- On Jan. 5, 2017, Paulsen voted to require congressional approval for any Executive branch regulation with a $100+ million annual effect on the economy. This is based on Congressional fear of executive overreach. Paulsen co-sponsored this bill. (HR 26). Passed the House. The New Yorker.
- On Jan. 13, 2017, Paulsen voted for a waiver allowing James Mattis to become Secretary of Defense. Previously, a person couldn’t be appointed as Secretary of Defense within seven years after leaving the service. Mattis was only out of the service for less than four years. (S 84). Trump signed into law. Reuters.
- On Nov. 6, 2017, Paulsen voted to kill (stop) articles of impeachment against Trump. (H.Res 646) [vote was 364 - 58] Washington Post.
- On Jan. 19, 2018, Paulsen voted to table (suspend from consideration) articles of impeachment against Trump. [vote was 355 - 66] (H.Res 705) CNN.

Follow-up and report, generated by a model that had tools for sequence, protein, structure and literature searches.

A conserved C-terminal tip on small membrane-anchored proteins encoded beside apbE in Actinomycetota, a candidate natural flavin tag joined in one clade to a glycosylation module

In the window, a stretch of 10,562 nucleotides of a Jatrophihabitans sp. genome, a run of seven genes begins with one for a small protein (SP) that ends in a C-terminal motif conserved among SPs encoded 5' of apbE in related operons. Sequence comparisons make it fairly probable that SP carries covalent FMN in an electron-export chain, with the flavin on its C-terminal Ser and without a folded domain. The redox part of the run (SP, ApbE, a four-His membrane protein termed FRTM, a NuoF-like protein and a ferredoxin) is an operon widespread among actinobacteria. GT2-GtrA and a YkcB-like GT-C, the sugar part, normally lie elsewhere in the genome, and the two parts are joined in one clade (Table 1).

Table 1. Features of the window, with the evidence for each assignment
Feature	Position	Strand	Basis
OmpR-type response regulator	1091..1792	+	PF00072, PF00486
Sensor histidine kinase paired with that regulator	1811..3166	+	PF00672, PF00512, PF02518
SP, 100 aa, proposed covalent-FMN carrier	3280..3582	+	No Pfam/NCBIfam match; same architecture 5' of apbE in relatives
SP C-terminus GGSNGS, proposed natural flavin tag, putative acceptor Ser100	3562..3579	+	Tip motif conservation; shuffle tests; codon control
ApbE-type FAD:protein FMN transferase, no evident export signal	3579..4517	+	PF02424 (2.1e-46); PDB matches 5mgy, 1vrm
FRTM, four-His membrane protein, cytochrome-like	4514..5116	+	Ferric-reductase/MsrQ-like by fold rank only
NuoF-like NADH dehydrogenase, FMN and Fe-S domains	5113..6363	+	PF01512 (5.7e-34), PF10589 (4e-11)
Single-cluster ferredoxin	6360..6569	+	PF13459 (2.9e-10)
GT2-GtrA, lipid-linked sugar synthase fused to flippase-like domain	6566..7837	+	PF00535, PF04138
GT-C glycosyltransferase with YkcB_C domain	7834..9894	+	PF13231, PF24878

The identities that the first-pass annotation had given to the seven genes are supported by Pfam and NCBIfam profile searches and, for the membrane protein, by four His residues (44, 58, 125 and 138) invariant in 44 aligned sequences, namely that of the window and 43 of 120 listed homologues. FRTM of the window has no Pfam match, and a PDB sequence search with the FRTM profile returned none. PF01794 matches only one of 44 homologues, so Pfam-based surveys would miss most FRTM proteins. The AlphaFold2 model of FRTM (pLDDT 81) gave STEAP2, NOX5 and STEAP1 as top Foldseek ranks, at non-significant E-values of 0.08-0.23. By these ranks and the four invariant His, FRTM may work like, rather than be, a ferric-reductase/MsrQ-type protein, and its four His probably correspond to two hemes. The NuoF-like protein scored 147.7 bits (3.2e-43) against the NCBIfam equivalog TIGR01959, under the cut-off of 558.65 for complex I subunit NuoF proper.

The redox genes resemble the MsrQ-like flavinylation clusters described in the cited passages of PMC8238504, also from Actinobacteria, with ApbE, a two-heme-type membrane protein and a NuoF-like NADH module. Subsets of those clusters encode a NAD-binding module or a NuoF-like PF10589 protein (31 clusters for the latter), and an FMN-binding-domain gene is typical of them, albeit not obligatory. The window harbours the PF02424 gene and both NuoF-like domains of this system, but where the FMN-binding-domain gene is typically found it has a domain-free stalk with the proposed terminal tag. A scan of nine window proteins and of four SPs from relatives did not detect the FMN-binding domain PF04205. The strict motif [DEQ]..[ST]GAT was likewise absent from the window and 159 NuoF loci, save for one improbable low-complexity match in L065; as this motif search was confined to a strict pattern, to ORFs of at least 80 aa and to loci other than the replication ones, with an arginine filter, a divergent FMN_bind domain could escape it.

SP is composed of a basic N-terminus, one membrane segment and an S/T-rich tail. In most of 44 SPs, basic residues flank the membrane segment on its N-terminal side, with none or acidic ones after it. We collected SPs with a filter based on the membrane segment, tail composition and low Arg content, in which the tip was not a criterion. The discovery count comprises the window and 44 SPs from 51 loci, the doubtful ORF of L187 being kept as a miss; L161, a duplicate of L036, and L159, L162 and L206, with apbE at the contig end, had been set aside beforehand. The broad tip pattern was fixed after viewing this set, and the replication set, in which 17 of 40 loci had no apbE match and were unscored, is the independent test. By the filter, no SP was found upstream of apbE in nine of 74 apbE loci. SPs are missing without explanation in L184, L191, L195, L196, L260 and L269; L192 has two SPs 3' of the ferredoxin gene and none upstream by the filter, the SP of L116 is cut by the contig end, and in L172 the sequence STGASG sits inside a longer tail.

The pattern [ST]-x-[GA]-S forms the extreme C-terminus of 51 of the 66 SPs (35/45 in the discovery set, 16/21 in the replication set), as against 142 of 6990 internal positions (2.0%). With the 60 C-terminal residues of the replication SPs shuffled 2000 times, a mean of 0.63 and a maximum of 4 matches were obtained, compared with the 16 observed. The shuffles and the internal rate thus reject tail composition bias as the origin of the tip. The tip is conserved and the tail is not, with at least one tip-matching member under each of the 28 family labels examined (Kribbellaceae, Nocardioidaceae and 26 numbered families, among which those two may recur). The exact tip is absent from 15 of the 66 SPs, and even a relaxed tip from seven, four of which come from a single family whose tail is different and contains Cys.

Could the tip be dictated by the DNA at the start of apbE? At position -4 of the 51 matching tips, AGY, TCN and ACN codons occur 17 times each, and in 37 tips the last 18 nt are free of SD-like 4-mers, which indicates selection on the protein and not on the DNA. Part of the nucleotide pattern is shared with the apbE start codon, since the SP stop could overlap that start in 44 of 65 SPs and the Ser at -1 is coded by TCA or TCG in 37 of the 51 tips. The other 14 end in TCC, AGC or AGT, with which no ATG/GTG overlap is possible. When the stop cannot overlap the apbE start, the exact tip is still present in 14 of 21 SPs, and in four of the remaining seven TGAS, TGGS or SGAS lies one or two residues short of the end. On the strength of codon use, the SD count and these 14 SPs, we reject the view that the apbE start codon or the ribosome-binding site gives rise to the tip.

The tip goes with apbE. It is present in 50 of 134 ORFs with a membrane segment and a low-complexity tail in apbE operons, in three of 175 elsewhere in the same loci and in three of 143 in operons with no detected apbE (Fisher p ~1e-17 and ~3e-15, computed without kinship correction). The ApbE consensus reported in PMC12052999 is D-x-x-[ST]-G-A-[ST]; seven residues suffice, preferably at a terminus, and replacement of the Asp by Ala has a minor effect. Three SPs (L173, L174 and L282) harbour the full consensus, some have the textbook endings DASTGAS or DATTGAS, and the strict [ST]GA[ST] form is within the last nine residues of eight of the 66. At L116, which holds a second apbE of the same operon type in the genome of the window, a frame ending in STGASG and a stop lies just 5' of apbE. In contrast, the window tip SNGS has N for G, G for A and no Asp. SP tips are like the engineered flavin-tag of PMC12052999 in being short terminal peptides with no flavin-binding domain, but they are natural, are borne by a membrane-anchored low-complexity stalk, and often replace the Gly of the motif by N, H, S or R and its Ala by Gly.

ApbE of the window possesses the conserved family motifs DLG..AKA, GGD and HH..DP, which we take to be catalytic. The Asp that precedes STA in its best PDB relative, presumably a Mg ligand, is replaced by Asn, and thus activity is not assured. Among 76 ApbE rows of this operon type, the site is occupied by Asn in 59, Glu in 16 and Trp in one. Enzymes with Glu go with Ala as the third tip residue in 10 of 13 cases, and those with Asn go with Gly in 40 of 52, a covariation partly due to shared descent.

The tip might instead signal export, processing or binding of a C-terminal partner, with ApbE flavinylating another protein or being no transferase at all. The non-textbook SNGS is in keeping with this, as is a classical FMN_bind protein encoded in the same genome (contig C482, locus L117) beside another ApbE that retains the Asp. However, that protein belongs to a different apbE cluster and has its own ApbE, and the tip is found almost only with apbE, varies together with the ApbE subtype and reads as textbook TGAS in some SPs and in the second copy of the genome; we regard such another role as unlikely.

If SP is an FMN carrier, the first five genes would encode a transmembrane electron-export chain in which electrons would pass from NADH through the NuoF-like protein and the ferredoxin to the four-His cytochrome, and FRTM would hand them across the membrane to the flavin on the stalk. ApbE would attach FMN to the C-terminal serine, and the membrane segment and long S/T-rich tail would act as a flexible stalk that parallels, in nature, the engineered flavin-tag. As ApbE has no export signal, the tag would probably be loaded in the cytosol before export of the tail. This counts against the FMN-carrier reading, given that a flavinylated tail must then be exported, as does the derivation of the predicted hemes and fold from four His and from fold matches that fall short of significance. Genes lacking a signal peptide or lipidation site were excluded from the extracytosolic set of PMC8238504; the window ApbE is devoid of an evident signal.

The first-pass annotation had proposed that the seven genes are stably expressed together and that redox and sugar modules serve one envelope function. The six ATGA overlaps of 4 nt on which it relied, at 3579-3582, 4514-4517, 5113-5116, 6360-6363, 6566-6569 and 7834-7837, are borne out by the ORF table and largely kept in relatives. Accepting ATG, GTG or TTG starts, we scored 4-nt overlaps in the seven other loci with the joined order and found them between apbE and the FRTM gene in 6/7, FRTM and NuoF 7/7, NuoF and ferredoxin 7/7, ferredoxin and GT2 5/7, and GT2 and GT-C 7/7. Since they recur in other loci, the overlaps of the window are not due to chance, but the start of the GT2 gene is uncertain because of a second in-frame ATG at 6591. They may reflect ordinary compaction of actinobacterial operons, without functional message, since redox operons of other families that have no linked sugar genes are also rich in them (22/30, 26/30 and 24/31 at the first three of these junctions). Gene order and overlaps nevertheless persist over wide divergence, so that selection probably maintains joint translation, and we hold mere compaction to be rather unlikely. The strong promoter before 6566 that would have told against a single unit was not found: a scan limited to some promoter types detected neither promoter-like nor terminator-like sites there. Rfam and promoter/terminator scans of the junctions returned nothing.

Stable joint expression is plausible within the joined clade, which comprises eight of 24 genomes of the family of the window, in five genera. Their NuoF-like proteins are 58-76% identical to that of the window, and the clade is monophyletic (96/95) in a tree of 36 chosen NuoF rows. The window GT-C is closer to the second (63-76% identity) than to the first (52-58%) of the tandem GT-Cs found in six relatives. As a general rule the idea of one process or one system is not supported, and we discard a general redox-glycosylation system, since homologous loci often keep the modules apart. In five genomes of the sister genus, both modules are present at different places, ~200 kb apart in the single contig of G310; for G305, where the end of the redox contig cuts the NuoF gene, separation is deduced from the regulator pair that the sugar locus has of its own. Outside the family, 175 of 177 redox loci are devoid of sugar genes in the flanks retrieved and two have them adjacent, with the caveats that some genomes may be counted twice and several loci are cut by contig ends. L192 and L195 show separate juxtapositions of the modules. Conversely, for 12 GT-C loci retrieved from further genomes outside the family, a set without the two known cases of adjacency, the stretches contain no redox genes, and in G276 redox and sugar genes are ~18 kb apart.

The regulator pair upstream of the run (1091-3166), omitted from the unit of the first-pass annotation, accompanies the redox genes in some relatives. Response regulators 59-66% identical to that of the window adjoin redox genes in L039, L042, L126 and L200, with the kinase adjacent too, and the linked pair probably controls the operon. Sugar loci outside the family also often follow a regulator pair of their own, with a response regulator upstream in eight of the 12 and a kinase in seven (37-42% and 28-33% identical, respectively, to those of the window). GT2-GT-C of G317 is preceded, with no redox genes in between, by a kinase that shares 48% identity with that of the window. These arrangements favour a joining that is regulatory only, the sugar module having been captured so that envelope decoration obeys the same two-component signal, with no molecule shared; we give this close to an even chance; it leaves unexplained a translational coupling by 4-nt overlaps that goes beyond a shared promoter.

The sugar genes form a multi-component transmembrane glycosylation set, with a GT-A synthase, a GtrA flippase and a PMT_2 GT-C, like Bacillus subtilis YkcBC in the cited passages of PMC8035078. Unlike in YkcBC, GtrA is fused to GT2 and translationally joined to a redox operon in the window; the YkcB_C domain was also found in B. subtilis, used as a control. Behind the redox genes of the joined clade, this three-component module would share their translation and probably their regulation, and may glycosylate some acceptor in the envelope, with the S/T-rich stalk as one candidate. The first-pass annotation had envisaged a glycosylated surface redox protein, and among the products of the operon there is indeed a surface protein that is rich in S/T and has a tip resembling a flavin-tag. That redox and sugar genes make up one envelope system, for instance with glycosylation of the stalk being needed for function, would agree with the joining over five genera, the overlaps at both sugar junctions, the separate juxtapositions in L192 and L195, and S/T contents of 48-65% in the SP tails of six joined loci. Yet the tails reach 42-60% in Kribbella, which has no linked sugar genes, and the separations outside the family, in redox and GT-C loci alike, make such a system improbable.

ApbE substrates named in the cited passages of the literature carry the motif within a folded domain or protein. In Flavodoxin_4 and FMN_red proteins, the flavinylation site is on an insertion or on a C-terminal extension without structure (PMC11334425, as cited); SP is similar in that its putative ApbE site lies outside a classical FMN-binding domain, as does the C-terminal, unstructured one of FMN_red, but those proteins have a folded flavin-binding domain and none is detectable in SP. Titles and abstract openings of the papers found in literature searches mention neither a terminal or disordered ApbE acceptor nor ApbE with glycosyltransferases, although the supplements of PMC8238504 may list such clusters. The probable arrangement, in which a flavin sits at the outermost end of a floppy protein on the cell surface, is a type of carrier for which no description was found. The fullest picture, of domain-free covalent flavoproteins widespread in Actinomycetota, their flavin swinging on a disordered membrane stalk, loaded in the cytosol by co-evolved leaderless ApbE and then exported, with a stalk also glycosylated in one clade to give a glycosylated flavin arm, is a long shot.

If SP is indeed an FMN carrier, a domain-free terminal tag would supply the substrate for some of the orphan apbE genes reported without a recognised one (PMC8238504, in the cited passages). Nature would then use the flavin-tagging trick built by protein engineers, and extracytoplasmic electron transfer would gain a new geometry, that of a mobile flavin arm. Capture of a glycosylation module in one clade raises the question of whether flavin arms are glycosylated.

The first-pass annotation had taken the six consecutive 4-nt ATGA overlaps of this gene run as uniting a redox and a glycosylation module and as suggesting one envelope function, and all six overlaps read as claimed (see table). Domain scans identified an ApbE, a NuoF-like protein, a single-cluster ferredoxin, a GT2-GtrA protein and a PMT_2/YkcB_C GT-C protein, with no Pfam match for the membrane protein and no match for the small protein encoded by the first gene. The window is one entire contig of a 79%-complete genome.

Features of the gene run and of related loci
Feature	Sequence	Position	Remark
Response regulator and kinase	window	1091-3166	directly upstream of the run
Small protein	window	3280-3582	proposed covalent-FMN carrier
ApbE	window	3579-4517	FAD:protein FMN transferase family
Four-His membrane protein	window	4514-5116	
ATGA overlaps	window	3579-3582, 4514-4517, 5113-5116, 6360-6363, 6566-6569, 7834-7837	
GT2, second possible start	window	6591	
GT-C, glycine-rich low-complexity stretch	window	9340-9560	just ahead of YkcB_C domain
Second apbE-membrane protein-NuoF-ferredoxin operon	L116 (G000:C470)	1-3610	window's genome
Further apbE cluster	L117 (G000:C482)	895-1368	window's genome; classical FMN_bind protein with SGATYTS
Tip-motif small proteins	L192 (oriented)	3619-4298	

- On Feb. 15, 2017, Paulsen voted to allow states to drug test anybody claiming unemployment insurance or food stamps. (HJ Res 42) Trump signed into law. Vox.
- On March 28, 2017, Paulsen voted to allow internet providers to sell your person information and online behavior history to the highest bidder without your consent. (SJ Res 34) Trump signed into law. Washington Post.
- On June 8, 2017, Paulsen voted to dismantle the Dodd-Frank financial regulations put in place after the 2008-09 economic crash which caused the Great Recession. The bill weakens the Consumer Financial Protection Bureau, the Financial Stability Oversight Council, and regulations that prevent commercial banks from trading for their own gain.(HR 10) Passed the House. USA Today.
- On July 25, 2017, Paulsen voted to make it harder to sue banks and credit card companies. (HJ Res 111) Trump signed into Law. New York Times.